Hmm. Scheherazade, and another pair of drawings titled Abdullah by land and Abdullah by sea. The 1,001 Nights. Time spent drawing. Time spent looking. Following Danilowicz’ lines with one’s eyes. Tales told to occupy the mind of… in the case of our fair princess, a powerful man who might behead her. The historic writer Richard Burton and adventure and more. Time again. Choosing to continue, to see what next permutation the artist may offer. Dawn. A muse (for the artist?), an ideal(ized) bride, a woman who pleases a man’s mind and is beautiful. Time travel now. A craft, as drawing is. A craft, as one rides in. Amsterdam Square, a place and a plan.
Sudden asymmetry. Occasions without repetition. Bending at the waist, or holding in the hand. Looking up and across. Translation. Time.
There is much more waiting for you at the Luckman Gallery at Cal State Los Angeles. If you check the list of artists above you will understand how much I have missed. Apologies to all. Go to see Primer II.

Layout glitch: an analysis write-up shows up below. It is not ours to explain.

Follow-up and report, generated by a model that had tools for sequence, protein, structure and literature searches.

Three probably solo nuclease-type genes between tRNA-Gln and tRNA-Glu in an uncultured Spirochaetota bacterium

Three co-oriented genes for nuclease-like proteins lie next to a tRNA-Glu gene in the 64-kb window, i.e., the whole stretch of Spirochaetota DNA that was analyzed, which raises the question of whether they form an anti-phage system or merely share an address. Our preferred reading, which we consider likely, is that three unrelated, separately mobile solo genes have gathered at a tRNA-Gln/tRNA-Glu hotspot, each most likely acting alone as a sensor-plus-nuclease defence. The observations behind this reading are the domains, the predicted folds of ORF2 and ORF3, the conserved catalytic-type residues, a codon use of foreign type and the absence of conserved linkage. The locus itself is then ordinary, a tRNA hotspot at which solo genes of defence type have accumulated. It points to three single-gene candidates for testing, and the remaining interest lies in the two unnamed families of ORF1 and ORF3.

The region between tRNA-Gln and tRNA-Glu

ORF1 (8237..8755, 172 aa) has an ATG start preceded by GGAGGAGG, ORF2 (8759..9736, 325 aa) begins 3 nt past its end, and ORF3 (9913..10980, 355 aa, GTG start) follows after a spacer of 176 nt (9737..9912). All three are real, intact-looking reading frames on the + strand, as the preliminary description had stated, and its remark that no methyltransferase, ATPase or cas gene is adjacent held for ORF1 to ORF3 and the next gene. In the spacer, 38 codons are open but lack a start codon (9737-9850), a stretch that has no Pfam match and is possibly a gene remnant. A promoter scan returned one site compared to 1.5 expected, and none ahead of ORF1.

Primer II is my first experience with the work of Yanera Cartagena, Norm Laich, Hazel Mandujano and Eric Torborg. Each of their work looks great in the space and I believe the images I’ve included below will give you reason to visit this show yourself.
Credit for all images used and not already credited goes to Brian Forrest.
By the way, the above mentioned fiction writer Brian Evenson has been described to me as “a modern day Poe/Kafka hybrid. Evenson’s website is http://www.brianevenson.com/. After my necessarily brief reading this morning I’d say Yes! to the description of Evenson and acknowledge that I am stoked to make this writer’s acquaintance. Life is good.
Luckman Gallery website: http://www.luckmanarts.org/gallery